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In eighth-grade English we read a poem that held me prisoner ever since. No Google needed; nor any ancient notes. Remembering, now, straight from 1944: “This I beheld, or dreamed it in a dream, A craven hung along the battle’s edge, and thought, ‘Had I a sword of keener steel – that blue blade the king’s son bears – but this blunt thing!’, he snapped and flung it from his hand.”

The king’s son then got his “blue blade” knocked out of his hand. He noticed the inferior sword the craven had thrown away. He picked it up and won the battle!

OK. So what?

Four men having a beer were discussing who makes the decisions at home. One of them said, “Well, I make all the big decisions and my wife makes the little ones.” When pressed to clarify, he explained, “Well, I decide, for example, whether the Supreme Court should revisit Obamacare. how they should rule, who’s going to be our next senator and whether or not Israel should invade Syria to secure the poison gas; and my wife decides things like where we go on vacation, what schools the kids will attend and when it’s time to get a new car.”

Good idea. I’ll leave the big decisions – national debt and deficit reduction, government expense cuts, raising the debt ceiling etc. – to my economic betters. I’ll confine my concerns to a few smaller piranhas in this treacherous pond we’re in.

Egypt’s leading industry until very recently was tourism. Public disorder drove Egyptian tourism from huge to near-zero. How come? The civil war is over in Syria, and the murderous jihadi-takeover is in Libya. Never mind. Tourists don’t like any place where violence recently was, or close to where violence currently is. What happens when a country’s thriving tourist industry vanishes? Maybe it’s hard to cry for the huge hotels and airlines and owners of the tourist navy on the Nile. What about the never-prosperous Egyptians who carried luggage, sold shish-kabob in the Camel Market and poured coffee in the hotel lobby? I’m not sure there’s a way to say “unemployment insurance” in Arabic!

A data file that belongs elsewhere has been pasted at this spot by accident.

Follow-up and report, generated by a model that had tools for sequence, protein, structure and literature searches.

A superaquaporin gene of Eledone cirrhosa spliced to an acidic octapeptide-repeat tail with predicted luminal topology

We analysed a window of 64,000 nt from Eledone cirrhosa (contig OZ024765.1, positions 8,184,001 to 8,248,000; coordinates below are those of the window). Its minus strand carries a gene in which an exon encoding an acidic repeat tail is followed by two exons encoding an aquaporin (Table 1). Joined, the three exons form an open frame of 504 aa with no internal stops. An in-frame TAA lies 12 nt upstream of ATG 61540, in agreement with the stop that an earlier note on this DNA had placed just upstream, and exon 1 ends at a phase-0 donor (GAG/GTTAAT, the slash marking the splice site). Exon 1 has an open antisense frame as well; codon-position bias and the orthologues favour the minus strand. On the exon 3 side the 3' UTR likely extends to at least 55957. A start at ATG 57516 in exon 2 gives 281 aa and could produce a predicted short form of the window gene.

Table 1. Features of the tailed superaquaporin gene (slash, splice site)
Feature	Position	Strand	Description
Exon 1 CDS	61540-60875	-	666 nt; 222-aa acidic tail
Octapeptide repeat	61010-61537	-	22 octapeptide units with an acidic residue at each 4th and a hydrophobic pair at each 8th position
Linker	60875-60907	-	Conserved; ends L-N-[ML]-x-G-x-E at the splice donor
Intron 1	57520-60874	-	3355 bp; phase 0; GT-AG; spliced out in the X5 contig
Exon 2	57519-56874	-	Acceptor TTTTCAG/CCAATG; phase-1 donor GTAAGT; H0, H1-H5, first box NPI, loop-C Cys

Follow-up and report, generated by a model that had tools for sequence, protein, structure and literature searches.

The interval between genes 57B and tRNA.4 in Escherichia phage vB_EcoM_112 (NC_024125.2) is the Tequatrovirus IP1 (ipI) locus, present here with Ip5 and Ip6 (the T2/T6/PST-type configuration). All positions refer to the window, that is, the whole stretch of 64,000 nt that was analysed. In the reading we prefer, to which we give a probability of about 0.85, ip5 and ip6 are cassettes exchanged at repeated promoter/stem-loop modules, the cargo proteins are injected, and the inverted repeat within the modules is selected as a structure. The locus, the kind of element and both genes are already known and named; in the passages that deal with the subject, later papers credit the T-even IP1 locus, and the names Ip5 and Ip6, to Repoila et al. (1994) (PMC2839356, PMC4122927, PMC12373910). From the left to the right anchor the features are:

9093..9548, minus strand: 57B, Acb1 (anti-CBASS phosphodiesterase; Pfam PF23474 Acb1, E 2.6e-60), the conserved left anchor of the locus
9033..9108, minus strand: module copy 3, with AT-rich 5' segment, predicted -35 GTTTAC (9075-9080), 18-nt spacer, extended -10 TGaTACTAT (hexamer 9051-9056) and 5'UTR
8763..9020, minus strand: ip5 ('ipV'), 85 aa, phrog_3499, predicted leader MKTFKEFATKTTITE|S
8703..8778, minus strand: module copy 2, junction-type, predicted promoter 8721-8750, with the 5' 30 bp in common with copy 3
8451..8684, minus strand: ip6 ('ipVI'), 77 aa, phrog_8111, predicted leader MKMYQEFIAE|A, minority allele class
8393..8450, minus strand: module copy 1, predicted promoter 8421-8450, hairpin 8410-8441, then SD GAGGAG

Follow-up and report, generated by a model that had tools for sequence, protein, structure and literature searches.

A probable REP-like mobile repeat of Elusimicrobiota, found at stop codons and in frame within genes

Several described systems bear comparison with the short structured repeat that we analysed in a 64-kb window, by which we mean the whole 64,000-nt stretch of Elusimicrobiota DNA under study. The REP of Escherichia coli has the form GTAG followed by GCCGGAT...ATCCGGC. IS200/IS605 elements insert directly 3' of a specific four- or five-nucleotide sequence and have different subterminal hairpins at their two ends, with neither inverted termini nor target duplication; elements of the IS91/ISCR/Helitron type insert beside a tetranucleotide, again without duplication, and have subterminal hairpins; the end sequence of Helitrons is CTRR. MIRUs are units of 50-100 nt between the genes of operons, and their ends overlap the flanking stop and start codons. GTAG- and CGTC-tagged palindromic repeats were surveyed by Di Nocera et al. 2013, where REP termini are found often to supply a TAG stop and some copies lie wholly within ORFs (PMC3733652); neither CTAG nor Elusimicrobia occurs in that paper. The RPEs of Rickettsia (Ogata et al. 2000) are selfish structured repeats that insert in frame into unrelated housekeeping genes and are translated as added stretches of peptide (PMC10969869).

America has a tourist industry, too. We don’t need a Syrian-style civil war or an eastern Libyan extremist takeover. What if there’s an incident of public disorder, just one? Suppose some pension promises have to be broken because there’s no money? And suppose the aggrieved victims – aided by agitators ever-ready to bring America down – march, causing clashes, fire-bombings, overturned vehicles, tear gas? You don’t even need fatalities; worldwide headlines will do.

If that kind of thing were to happen in a Paraguay or a Bulgaria, patriotism would impel the local media to “cool it”; don’t play it any bigger than necessary. The American media, however, knows no such decorum. While we argue whether the media is pro-left or pro-far-left or what, the fact remains that the media is pro-media. Disruption of public order in America! Fire-bombings! Great story! Let ‘er rip; rip the American image to shreds. See you later, tourists!

This won’t show up in any congressional budget forecast, but the world – not just Russia, China and most of the Mideast – I mean the whole world, will turn against the United States. It’s human nature. A nation as great for as long as the United States has been great is a reflection on all other nations. Somebody else’s success for too long can get tiresome. Whenever I stumble upon an unexpected football game, I instinctively root for the underdog. There will be smug satisfaction as America emphatically “gets theirs” in a financial flogging. Global celebration of America’s “decline” is a little thing compared to a 16-trillion-dollar debt. But it hurts.

Staying small, now: Have you even been part of a losing team, a losing business, a losing campaign? Blame-fixing, back-biting; even fisticuffs replace teamwork and happiness. A poor ambience for recovery!

Numbers like “million-billion-and-trillion” are served up to the American people like Donald Duck’s nephews, Huey, Dewey and Louie; all joined together without much difference. We need more reminders like this one.

If we had thousand-dollar bills and you were handed a million dollars in those bills, the stack would be four-and-a-half inches high. Raise it to a billion and the stack would be almost as high as a football field is long. A trillion? Sixty-three miles up into space!

Back to my eighth-grade poem (“Opportunity,” by Edward Rowland Sill): Universal failure offers a universal excuse to quit trying. Incentive, hustle, overcoming, building wealth; great sermons, but hard to gin up in a shattered hothouse of national failure. Ask any football player whose team trailed by 40 points at half-time which he preferred: a few completed passes or a warm shower and a cold drink?

America is the only country built on an idea and an ideal: of-by-and-for the people. It is the nation that defeated fascism, defanged communism and dares jihadists to stand up. Is that nation that gave the world a middle class and a high standard of living under freedom, is that nation now going to ape the French poet whose will said simply, “I have nothing. I owe much. The rest I leave to the poor!”?

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